Scientific research on the vegegative growth, composition, chemistry and depth of soils on a plot of native tundra just outside Barrow Alaska, July 2012.
Study to understand the mechanisms for respiration, uptake and release of CO2, oxygen, water and nutrients in tundra near Mt McKinley/Denali National Park Alaska.
Study to understand the mechanisms for respiration, uptake and release of CO2, Oxygen, water and nutrients in tundra near Mt McKinley/Denali National Park Alaska. .
Geophysicst Tom Osterkamp indicates ground level when he installed this temperature probe pipe near Denali National Park, Alaska. Permafrost is thawing and collapsing.
Walt Oechel and colleague work at a carbon flux measurement site in Barrow, Alaska, to help determine if tundra is a sink or source of greenhouse gasses.
Meteorologist Scott Chambers installing solar radiation sensor tower. Boreal forest near Fairbanks, Alaska
Lorraine Ahlquist inventories plants in plot of tundra to check changes in vegetation as tundra warms, at Toolik L, Alaska.
Crew of technicians and scientists inventories plants in plots of tundra to check changes in vegetation as tundra warms, at Toolik L, Alaska.
Marine Biological lab sample of Kuparuk River; Gus Shaver measures added growth of tundra plants, Toolik Lake, Alaska.
Karie Slavik & Stephanie Parker, Marine Biological Lab, sample Kuparuk River flowing across tundra, Toolik Lake, North Slope, Alaska.
Polar bear caught on dry land by loss of Arctic Sea ice makes way through ornithology camp, Cooper Is, Alaska near Barrow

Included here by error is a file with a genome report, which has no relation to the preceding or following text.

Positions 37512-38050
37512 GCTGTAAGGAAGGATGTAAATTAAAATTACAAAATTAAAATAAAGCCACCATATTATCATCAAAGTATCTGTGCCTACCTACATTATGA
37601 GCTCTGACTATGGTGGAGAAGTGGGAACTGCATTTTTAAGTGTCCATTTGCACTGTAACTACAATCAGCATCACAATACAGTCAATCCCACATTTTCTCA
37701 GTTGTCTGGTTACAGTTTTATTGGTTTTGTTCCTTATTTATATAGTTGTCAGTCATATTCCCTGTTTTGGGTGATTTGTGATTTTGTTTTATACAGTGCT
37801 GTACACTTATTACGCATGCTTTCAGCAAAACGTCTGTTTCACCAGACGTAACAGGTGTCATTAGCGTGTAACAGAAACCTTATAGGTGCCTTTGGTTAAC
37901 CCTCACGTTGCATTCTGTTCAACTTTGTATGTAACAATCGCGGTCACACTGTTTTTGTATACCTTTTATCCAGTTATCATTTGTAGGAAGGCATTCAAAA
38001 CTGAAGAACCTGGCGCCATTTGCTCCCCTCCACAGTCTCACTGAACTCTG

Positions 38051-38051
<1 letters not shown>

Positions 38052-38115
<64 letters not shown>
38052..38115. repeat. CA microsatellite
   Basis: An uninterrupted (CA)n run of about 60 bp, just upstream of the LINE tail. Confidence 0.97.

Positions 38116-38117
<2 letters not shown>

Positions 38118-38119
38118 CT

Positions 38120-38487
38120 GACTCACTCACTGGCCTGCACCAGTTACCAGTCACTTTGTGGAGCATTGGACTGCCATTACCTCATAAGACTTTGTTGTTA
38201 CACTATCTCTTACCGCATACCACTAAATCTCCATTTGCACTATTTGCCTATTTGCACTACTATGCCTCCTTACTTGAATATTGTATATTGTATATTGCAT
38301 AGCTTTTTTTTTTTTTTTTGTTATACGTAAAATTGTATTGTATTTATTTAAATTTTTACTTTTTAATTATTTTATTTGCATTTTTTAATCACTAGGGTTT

Dr. George Divoky studies polar seabirds as they are affected by loss of sea ice, here checking nest box of Black Guillemots, Cooper Is, Alaska
Dr. George Divoky, who studies nesting black guillemots and their relation to sea ice in the far north of Alaska.
Dr. George Divoky studies polar seabirds as they are affected by loss of sea ice, here checking nest box of Black Guillemots, Cooper Is, Alaska.
Three black guillemot seabirds socializing on Cooper Island during nesting season Late July 2012. Research of Dr. George Divoky.
Climate science near Barrow Alaska, August 2012. Investigation of ice wedges under tundra polygons, thawing of permafrost and possible emissions of CO2 & methane.
TIn a study lead by Terry Chapin and Gus Shaver, a researcher identifies and measures every plant in a 1 meter plot at Toolik Lake, Alaska. Results indicate shrubs and rougher sedges are growiing faster than smaller plants as climate warms.
Fish researcher Dan Breneman with Arctic char during a lake study, Toolik Lake Research Station, on Alaska’s north slope. Research at Toolik reveals the biotic changes in response to ongoing warming in the Arctic.